“And perhaps after all, there is no secret. We incline to think that the Problem of the Universe is like the Freemason’s mighty secret, so terrible to all children. It turns out, at last, to consist in a triangle, a mallet, and an apron—nothing more! We incline to think that God cannot explain His own secrets, and that He would like a little more information upon certain points Himself. We mortals astonish Him as much as He us.”

It’s an all too human reflex. Ignorance becomes justification for the stories we want to tell, and we are filled with “oracular gibberish” as a result.

So what if Bartleby holds no secrets outside the ‘contagion of nihilism’ that Borges ascribes to him?

As a novelist, I cannot but read the tale, with its manifest despair and gallows humour, as the expression of another novelist teetering on the edge of professional ruin. Melville conceived and wrote “Bartleby, the Scrivener” during a dark period of his life. Both Moby-Dick and Pierre had proved to be critical and commercial failures. As Melville would write to Hawthorne:

“What I feel most moved to write, that is banned—it will not pay. Yet, altogether write the other way I cannot. So the product is a final hash, and all my books are botches.”

Forgeries, neither artistic nor official. Two species of neuroticism plague full-time writers, particularly if they possess, as Melville most certainly did, a reflective bent. There’s the neuroticism that drives a writer to write, the compulsion to create, and there’s the neuroticism secondary to a writer’s consciousness of this prior incapacity, the neurotic compulsion to rationalize one’s neuroticism.

Why, for instance, am I writing this now? Am I a literary critic? No. Am I being paid to write this? No. Are there things I should be writing instead? Buddy, you have no idea. So why don’t I write as I should?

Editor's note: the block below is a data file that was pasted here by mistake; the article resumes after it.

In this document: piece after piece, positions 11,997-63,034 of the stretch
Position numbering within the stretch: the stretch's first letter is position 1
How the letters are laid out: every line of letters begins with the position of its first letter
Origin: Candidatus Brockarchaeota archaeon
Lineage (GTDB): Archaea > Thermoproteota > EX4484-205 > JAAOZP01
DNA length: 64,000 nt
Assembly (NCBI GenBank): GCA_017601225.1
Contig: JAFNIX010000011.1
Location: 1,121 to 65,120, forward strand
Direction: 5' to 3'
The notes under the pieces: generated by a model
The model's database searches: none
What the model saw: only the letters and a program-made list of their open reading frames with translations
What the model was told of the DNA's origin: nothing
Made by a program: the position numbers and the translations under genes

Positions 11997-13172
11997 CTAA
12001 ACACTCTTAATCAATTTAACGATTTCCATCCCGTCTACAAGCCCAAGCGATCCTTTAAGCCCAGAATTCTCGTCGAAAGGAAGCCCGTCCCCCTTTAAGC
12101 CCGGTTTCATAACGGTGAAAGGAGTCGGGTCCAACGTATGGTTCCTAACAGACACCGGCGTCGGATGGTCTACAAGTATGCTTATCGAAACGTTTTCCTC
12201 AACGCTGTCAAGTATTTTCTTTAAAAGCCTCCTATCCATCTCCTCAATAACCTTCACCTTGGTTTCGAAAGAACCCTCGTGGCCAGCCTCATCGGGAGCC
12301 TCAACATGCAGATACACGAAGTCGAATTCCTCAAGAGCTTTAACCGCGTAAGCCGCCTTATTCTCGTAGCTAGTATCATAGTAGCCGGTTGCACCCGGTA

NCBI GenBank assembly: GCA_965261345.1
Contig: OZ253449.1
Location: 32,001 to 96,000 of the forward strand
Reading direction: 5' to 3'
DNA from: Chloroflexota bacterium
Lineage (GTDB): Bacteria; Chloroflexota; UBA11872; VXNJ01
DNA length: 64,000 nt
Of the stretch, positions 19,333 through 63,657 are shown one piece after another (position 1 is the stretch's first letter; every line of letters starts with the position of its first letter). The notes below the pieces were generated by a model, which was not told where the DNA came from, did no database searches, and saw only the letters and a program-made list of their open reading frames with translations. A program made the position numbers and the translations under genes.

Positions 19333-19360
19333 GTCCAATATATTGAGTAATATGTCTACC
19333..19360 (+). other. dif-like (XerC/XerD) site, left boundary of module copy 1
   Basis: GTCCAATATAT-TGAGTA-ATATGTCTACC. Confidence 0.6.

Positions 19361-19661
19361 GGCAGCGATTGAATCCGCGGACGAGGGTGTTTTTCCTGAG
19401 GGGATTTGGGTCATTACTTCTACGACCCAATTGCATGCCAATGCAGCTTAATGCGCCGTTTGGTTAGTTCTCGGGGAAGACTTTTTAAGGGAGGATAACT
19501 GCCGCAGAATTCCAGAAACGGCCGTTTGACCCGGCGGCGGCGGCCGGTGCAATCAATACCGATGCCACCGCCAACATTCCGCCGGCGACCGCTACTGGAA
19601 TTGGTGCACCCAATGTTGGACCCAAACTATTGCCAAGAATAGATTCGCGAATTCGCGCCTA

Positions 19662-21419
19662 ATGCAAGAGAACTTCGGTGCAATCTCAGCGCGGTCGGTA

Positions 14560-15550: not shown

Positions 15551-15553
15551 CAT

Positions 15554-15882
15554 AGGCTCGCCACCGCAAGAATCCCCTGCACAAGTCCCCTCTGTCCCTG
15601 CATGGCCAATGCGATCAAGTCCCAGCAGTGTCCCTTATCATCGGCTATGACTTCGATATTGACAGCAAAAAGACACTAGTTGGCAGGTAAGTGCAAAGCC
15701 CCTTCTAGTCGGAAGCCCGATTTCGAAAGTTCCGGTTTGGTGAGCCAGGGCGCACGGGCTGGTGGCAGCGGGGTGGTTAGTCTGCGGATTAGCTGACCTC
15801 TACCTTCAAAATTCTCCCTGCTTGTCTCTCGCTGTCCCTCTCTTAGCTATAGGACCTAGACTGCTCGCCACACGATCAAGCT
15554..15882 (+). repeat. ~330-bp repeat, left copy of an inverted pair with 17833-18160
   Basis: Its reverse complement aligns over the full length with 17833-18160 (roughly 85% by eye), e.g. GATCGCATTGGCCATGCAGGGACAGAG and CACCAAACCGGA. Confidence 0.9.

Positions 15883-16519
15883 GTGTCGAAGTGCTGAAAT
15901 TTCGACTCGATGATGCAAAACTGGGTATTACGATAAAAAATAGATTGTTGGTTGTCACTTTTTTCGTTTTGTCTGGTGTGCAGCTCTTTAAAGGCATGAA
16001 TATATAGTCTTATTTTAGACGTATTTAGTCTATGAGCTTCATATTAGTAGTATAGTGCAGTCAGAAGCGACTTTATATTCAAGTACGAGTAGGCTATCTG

Well, quite simply, I would prefer not to.

And why is this? Is it because I have some glorious spark in me? Some essential secret? Am I, like Bartleby, a pure outsider?

Or am I just a fucking idiot? A failed copyist.

For critics, the latter is pretty much the only answer possible when it comes to living writers who genuinely fail to copy. No matter how hard we wave discrepancy’s flag, we remain discrepancy minimization machines—particularly where social cognition is concerned. Living literary dissenters cue reflexes devoted to living threats: the only good discrepancy is a dead discrepancy. As the narrator discovers, attributing something exceptional becomes far easier once the dissenter is dead. Once the source falls silent, the consequences possess the freedom to dispute things as they please.

Writers themselves, however, discover they are divided, that Ahab is not Ahab, but Ishmael as well, the spinner of tales about tales. A failed copyist. A hapless lawyer. Gazing at obstruction, chasing the whale, spinning rationalization after rationalization, confabulating as a human must, taking meagre heart in spasms of critical fantasy.

Endless interpretative self-deception. As much as I recognize Bartleby, I know the narrator only too well. This is why for me, “Bartleby, the Scrivener” is best seen as a prank on the literary establishment, a virus uploaded with each and every Introduction to American Literature class, one assuring that the critic forever bumbles as the narrator bumbles, waddling the easy way, the expected way, embodying more than applying the ‘doctrine of assumptions.’ Bartleby is the paradigmatic idiot, both in the ancient Greek sense of idios, private unto inscrutable, and idiosyncratic unto useless. But for the sake of vanity and cowardice, we make of him something vast, more than a metaphor for x. The character of Bartleby, on this reading, is not so much key to understanding something ‘absolute’ as he is key to understanding human conceit—which is to say, the confabulatory stupidity of the critic.